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Cervical cancer shots are gaining reputation as painful

Rating

2 Star

Cervical cancer shots are gaining reputation as painful

Our Review Summary

This article about reports of pain and fainting linked to Gardasil, the vaccine used to decrease risk of cervical cancer, fails to make the case for its publication.

  • The suggestion that the vaccine stings and burns more than most may be accurate. But the article itself reports that the pain is often fleeting and in more serious cases may cause lingering discomfort for a day. Nothing in the article supports the implication in the first paragraph that Gardasil is the most painful vaccine given in childhood.
  • The implication that the drug causes fainting is not justified by evidence. The article cites raw data that appears to suggest an increase. But the data are self-reported and do not have a denominator. There is no way to know whether the 180 reports of fainting cited are more or less than would be expected with the same number of girls getting any kind of vaccination.
  • The report fails to indicate that the vaccine has been shown effective in preventing HPV and therefore likely to reduce risk of cervical cancer. It fails to mention that HPV is often passed between sexual partners  unknowingly and that by the time cervical cancer is discovered it is often deadly.

By emphasizing fleeting pain and an uNPRoven link of fainting, and failing to emphasize the vaccine’s established benefits, the article does not serve the public interest well.

Curiously, the article acknowledges these shortcomings by including expert commentary that calls the story’s premises into question. The reporter and editor clearly knew the article’s thesis is not sustained by data and expert observations.  

Why was it published?  

Criteria

Does the story adequately discuss the costs of the intervention?

Not Satisfactory

The article states that the shots cost $120. The cost is around $120 per injection; three injections are required.

Using only the $120 figure is misleading. Most media reports more accurately cite the total cost of $300 to $400 for the series.

Does the story adequately quantify the benefits of the treatment/test/product/procedure?

Not Satisfactory

The article does not report the efficacy of the vaccine in preventing cervical cancer,  thereby providing no corresponding balance.

Does the story adequately explain/quantify the harms of the intervention?

Not Satisfactory

The article focuses on harms related to the Gardasil vaccine.

Yet by focusing on one of the more trivial side effects, pain at the injection site, it fails to mention more severe side effects, such as Guillian Barre syndrome. Five percent of reported adverse effects were considered serious. Since 7 million vaccinations have been given, this 5 percent figure of serious events is certainly worth mentioning. Highlighting pain on injection seems a bit trivial in this context.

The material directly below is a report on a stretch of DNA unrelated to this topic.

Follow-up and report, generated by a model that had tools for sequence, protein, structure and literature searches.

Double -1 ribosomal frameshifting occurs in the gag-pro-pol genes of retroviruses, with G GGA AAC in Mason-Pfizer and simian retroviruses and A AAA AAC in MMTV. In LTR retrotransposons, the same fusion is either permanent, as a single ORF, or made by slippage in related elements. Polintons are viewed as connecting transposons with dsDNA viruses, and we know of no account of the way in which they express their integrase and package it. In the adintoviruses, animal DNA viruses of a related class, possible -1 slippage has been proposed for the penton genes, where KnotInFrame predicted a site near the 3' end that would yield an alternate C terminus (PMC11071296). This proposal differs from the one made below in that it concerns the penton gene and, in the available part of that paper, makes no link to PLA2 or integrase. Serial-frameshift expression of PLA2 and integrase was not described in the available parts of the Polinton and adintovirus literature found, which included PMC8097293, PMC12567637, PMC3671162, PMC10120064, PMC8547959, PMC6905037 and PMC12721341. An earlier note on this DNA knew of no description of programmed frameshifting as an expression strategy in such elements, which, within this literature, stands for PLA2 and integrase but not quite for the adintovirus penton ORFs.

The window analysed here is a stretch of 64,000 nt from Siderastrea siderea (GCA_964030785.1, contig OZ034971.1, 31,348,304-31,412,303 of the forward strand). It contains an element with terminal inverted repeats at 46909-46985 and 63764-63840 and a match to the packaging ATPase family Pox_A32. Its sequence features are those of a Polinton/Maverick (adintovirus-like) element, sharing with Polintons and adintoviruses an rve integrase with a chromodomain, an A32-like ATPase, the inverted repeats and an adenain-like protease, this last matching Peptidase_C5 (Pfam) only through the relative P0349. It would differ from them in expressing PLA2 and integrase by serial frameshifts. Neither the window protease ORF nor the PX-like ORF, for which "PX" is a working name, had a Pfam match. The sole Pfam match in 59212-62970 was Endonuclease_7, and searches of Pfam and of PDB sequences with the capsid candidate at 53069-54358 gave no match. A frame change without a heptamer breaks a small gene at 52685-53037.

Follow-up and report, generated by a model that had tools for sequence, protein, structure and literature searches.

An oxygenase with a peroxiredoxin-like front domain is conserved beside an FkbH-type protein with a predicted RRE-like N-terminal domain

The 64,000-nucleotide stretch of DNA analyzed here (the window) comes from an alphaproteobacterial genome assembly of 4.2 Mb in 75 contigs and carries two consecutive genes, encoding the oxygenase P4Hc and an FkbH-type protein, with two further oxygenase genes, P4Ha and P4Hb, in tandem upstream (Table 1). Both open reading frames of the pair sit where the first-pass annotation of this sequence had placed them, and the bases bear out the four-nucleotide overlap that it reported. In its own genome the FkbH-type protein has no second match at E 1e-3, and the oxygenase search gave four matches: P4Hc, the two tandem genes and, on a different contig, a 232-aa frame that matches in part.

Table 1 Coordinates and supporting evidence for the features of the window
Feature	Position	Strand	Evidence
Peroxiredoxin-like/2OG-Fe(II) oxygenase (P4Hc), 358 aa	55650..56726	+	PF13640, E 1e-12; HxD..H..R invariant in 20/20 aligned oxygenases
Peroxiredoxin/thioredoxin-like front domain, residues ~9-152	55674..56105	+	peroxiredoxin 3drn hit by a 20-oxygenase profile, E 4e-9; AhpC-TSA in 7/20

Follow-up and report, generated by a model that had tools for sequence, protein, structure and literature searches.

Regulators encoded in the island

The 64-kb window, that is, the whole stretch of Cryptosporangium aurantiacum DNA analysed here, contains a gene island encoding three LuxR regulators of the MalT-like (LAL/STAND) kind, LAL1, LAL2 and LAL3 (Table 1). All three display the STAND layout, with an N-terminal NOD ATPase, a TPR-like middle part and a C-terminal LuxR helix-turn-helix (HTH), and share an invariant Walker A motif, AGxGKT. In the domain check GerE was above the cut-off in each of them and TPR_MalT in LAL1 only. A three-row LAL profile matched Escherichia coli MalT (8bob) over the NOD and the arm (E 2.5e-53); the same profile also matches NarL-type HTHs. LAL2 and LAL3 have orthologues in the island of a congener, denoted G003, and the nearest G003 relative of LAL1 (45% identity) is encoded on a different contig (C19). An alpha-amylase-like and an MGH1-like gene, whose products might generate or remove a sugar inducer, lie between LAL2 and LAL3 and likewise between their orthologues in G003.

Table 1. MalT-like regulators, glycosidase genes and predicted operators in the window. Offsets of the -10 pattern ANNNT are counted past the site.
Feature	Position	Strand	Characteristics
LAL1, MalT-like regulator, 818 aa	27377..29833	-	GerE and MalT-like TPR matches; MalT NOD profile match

Does the story seem to grasp the quality of the evidence?

Not Satisfactory

The articles uses informal observations and lower-quality data to make the case that the injections are unsually painful and linked to fainting.

The article fails to make clear the context and source of the data on fainting. The description in the article suggests the data is from the CDC/FDA Vaccine Adverse Event Reporting System, which accepts voluntary reports from across the healthcare system. The data is considered raw and at best suggestive of patterns worthy of investigation. The article should have made clear the source and limitations of the data.  

It is not clear whether the number of reports linked to Gardasil are higher or lower than would be expected with any vaccination given to the same group of people.  

Does the story commit disease-mongering?

Not Satisfactory

The article exaggerates the amount and importance of injection-site pain, and it implies without justification that it is more likely to lead to fainting than other vaccines given to girls and teens.

Does the story use independent sources and identify conflicts of interest?

Satisfactory

The article quotes one patient, two clinicians, and one CDC expert in immunization safety. It also draws on raw federal data (without identifying its source) and information from the drug’s maker. Because of the multiple sources used, we’ll rate this satisfactory.

However, a key shortcoming is the failure to provide any detail about the "recent meeting of vaccine experts," where the public health authority comments about pain.  

Does the story compare the new approach with existing alternatives?

Not Satisfactory

The article fails to make clear that this is the only vaccine shown to reduce the incidence of the types of human papilloma virus which are responsible for a majority of cervical cancers.

Does the story establish the availability of the treatment/test/product/procedure?

Not Satisfactory

Tha story does indicate the vaccine has been available for a year.  However, the main point of the story is the level of discomfort associated with the injection and the development of syncope in some recipients.  But without discussing how widely the vaccine has been used, case reports provide no useful information.  The fact that over 7 million doses of the vaccine has been distributed would have been a valuable piece of information for the readers.

Does the story establish the true novelty of the approach?

Satisfactory

The story does note that Gardasil is an "important new protection" but points out that another version in in clinical trials.

Does the story appear to rely solely or largely on a news release?

Satisfactory

There is no evidence the article is based on a press release.

Total Score: 3 of 10 Satisfactory

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